represented nationally and internationally.
abreast of science, a well-built and efficient station and operation above
FRIENDLY...slow and patient operating when
requested; friendly advice and counsel to the beginner; kindly assistance,
cooperation and consideration for the interests of others. These are the
hallmarks of the amateur spirit.
BALANCED...radio is an avocation, never
interfering with duties owed to family, job, school or community.
PATRIOTIC...station and skill always ready for
service to country and community.
The original Amateur's Code above was written by
Paul M. Segal, W9EEA, in 1928 and has had minor word changes since
then, but the meaning remains the same.
It is no secret that the on-the-air behavior of hams,
especially in pileups, has gotten worse in the last few years. Unpleasant,
uncivil, impolite behavior of our fellow hams reduces the enjoyment of our
It does not have to be that way nor should it be. Impolite
behavior is counter-productive and simply inconsistent with the aim of our
hobby, to have fun.
Just as we work to improve our
technical skills, we should all aspire to hold ourselves to the highest
ethical operating standards.
Code of Conduct is a reminder of the high ideals of which we are all
We invite you, your national society, your DX Club,
and your friends to join in.
Use, and publicize this
Please feel free to
copy and distribute with or without the explanations!
DX Code of
Conduct (With simple
explanations for a better understanding by
1. I will
listen, and listen, and then listen some more. Try to refrain from transmitting when you hear
another station. Your voice may be among thousands heard at the
same time by the DX station. Wait for a pause when you believe the
frequency is clear and then
2. I will only call if I can copy
the DX station properly. Did you copy
his call as, XE5JU or was is XE5KU? If you did not hear him
clearly, then saying the wrong call sign may not get you the
contact without taking up lots of time from others who did copy
his call correctly!
3. I will not trust the cluster and
will be sure of the DX station's call sign before calling.
Many DX clusters have wrong or
outdated information.... depend only on what you hear from the DX
station on the air!
4. I will not interfere with the DX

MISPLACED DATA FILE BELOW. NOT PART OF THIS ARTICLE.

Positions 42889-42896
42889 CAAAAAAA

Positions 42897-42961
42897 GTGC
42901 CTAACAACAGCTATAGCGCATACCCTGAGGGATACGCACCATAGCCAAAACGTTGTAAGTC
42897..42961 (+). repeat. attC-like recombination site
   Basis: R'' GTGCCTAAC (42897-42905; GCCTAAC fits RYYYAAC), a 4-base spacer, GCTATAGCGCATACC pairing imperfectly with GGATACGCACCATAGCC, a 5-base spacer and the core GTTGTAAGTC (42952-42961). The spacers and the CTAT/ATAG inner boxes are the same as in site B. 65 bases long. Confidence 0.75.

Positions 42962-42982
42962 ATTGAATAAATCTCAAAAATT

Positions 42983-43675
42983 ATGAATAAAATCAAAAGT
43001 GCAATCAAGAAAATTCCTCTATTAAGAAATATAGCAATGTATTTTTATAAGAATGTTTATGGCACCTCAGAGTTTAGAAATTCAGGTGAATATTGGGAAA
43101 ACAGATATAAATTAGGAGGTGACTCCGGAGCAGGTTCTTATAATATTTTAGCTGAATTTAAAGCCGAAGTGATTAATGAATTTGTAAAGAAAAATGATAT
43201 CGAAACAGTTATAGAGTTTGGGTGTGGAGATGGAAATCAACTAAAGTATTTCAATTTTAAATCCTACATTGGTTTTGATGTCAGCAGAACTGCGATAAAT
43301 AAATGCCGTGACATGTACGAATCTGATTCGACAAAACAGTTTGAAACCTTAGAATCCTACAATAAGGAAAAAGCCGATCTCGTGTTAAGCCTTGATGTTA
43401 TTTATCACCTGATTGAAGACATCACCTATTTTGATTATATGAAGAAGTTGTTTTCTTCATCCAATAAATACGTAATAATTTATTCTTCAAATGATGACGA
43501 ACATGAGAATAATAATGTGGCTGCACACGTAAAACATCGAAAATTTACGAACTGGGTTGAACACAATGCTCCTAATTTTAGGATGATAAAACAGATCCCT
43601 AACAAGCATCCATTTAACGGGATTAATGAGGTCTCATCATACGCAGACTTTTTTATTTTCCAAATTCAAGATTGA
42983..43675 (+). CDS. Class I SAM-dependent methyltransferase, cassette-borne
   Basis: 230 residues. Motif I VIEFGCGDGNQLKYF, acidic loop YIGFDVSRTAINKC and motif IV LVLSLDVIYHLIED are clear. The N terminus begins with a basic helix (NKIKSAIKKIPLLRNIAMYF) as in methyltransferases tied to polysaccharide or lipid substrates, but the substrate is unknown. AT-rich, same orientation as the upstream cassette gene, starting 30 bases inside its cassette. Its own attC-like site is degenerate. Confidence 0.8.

station nor anyone calling him and will never tune up on the DX
frequency or in the QSX slot. This
could be considered as intentional and malicious interference. If
you must tuneup on the air, find a quite frequency
nearby....remember, listen, listen, listen before you transmit!
Make sure you ID! QSX: Commonly used on the DX Packet Clusters
to indicate where the DX station was listening or contacted during
5. I will wait for the DX station
to end a contact before I call him. Again, listen, listen and wait for him to receive
more calls. He will let everyone know he is "ready" for contacts.
Most DX stations simply say....."QRZ" when they are
6. I will always send my full call
sign. Does this need an explanation?
The DX operator may call for stations by their prefix or suffix,
but make sure you identify legally with your full call when it
7. I will call and then listen for
a reasonable interval. I will not call continuously.
The DX operator may be very busy
recording log entries and attempting to pull out single calls from
hundreds of stations calling him, so give him plenty of
time to respond to your call sent only once. Of course you can
keep trying, but give others a chance also. Use good common
8. I will not transmit when the DX
operator calls another call sign, not mine. You may be interfering with the transmissions which
is illegal! Don't take that chance! Don't intentionally "double"
with any station.
9. I will not transmit when the DX
operator queries a call sign not like mine. He, the DX station, was unsure of the exact
call he heard but only part of it. So if your call or part of it
is not like what he is looking for, don't
10. I will not transmit when
the DX station calls other geographic areas other than mine.
The DX station is looking only for other
countries, not yours. Don't add to the confusion by transmitting!
If he wants your country contacts he will say so!
11. When the DX operator calls me,
I will not repeat my call sign unless I think he has copied it
incorrectly. This is a time saving
measure for both him, you and the other stations that want to
I will be thankful if and when I do make a contact.
You should be not only thankful, but
proud of your DX techniques and your station performance when
making contacts outside your countries
will respect my fellow hams and conduct myself so as to earn their
respect. Follow all of the above in
the DX Code of Conduct, use good common courtesy and you will have
made the experience much better for all concerned.
When you follow these helpful
suggestions, procedures and tips above, your enjoyment and the enjoyment
of other Amateur radio operators worldwide will certainly be enhanced
and you will be known as a good operator and not a "LID".
your ham bands and WELCOME TO HF!
Scan Police, Fire, Rescue,
Ham Radio, Aircraft, Ships, and much more!
Advertisement! The MFJ-259B gives you a complete picture of your
antenna's performance anywhere between 1.8~170MHz, even outside
the HAM bands! Get More Info From MCM